Recent studies on the mode of action of probiotics that target the oral cavity, though not fully substantiated by in vivo studies [89,90], are presented in several categories: competition for nutrients; growth factors; adhesion; production of inhibitory substances such as enzymes, antimicrobials, bacteriocins, and H2O2; inhibition of pathogen induced production of cytokines; and immune system stimulation [91]. All of these envisioned activities vary according to host and microbial strains [92,93]. In the last six years, interesting reviews about the probable and real use of probiotics have been published [88,89,90,92,93]. Although the feeling of low degree of substantiation in vitro studies prevailed, nevertheless most authors agreed upon the great promise of the benefits of probiotic use in oral health. They also pointed out that enhancing the functional repertoire of probiotic microorganisms as biotherapeutic agents is an attractive and promising approach. This approach is being pushed to the frontiers of research due to the slow down in new drugs development and increasing rate of emerging resistant pathogens. Probiotics able to deliver new and novel therapeutics are hopefully emerging with site specific and well-defined efficacy, which is now known as designer probiotics. These emerging living improved therapeutics [designer probiotics] will without doubt transform existing paradigms of disease prevention, control and management. These awaited designer probiotics would, when fully developed, expand the efficiency and efficacy of probiotics by introducing new genetic circuits to develop new drug delivery systems [94,95,96]. As a result of pressing needs for alternative biotherapeutics and nutraceuticals, the science of probiotics has emerged in the post genomic era of medicine and biology as a hot research area in the quest for better healthcare areas including the oral cavity. In this context, the use of designer probiotics is being tested against infectious diseases and in anticancer therapy studies [97,98]. When used as dietary supplements or applied topically, designer probiotics would support normal physiology and immunity to improve health and prevent infections, oxidation stress, autoimmune responses and inflammatory diseases [99]. As for dental and periodontal health, an array of probiotics has demonstrated beneficial effects. Clinical studies have typically used surrogate endpoints such as Streptococcus mutans counts, salivary flow, plaque or gingival scores, and pocket depth to substantiate efficacy [92,93,94]. These studies provided promising outlook, however, need to be further confirmed in randomized double blind placebo studies with specific target sites in the oral cavity.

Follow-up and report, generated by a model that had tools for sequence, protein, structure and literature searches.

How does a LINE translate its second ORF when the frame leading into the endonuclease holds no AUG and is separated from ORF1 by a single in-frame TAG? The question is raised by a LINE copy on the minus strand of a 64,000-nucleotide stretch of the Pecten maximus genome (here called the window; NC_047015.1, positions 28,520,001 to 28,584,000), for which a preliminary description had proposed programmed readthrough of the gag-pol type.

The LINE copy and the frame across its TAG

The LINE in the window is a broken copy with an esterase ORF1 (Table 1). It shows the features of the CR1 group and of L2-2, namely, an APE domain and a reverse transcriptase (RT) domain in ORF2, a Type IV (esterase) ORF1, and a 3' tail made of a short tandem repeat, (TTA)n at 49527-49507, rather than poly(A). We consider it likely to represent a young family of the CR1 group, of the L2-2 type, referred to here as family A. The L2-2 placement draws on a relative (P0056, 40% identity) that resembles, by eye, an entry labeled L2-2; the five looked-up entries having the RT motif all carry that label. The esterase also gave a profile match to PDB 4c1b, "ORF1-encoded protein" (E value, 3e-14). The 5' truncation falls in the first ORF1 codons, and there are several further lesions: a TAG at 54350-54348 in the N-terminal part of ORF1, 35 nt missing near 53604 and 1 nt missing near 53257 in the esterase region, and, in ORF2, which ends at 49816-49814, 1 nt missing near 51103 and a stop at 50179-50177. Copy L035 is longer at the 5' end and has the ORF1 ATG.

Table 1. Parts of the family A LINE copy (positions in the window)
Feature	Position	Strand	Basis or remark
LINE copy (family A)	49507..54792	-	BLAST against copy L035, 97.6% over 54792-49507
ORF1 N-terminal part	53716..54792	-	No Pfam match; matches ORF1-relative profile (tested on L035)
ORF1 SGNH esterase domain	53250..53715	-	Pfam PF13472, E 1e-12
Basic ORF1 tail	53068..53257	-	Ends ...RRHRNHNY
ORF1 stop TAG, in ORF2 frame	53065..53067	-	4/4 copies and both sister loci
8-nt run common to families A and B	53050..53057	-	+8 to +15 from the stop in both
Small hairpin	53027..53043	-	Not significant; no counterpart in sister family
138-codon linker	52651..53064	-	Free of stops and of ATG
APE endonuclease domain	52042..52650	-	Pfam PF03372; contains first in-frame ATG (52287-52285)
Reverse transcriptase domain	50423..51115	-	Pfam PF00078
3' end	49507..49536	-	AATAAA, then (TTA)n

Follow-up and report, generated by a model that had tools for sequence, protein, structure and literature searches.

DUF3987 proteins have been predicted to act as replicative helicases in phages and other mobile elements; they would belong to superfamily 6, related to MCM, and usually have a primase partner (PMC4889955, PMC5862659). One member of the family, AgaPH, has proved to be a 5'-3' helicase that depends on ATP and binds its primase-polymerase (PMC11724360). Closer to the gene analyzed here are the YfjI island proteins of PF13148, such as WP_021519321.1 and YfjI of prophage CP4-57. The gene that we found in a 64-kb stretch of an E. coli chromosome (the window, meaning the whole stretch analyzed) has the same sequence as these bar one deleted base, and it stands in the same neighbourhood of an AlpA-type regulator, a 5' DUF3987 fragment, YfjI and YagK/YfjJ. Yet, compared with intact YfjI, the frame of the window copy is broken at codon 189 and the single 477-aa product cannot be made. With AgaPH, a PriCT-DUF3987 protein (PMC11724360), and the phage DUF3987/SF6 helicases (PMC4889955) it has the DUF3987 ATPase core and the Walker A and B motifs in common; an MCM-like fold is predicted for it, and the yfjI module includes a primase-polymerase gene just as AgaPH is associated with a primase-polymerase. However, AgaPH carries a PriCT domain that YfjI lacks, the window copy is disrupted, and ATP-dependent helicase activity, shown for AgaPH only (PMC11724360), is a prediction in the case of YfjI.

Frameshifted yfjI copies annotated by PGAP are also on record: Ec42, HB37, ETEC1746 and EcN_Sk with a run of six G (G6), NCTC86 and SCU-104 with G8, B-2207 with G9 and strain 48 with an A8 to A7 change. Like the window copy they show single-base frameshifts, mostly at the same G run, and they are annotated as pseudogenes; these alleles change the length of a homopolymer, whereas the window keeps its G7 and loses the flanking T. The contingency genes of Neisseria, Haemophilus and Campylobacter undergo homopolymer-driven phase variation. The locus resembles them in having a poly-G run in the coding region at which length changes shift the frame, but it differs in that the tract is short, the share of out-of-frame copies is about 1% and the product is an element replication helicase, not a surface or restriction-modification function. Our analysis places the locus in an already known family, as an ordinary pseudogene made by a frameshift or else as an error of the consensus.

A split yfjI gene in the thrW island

9. Concluding Remarks and Future Directions

In medical settings, it is now recognized that the increase in emerging resistant pathogens coupled to metabolic diseases are paramount public health and oral health concerns. This concern necessities the search for safe, cost-effective and inventive alternatives and/or complimentary means to the traditional uses of prophylactics and treatment. In this context, probiotics, both general and designer, would offer potential prospects. This conviction of the importance of biotherapeutics that integrate with clinical prescriptions should be inviting and given priority in medical research. The potential role of such living biotherapeutics should not overlook the notion that probiotic-mediated antagonism and functional characteristics may hinder some commensal bacteria and/or inter signals from indigenous microbiota. The effect of this prospective hindrance would be reduced through designer probiotic development, which needs concerted research efforts to fully understand and substantiate their safe use, specificity and efficacy. This becomes imminent if we know that most of the documented health benefits come from research and clinical trials on animal models. With all of this in mind, it appears that the stage is set not only for probiotics use in medicine but also expansion to include the oral cavity microbiome. A further outlook might be to have the personal oral microbiome characterized to the genus level by providing a saliva sample to be used as a biomarker to formulate a list of probiotic strains specifically targeting resident pathogenic bacteria. This, no doubt, will help in offering a strong complementary and/or alternative approach for the next generation [designer] probiotics for oral cavity and throat healthcare.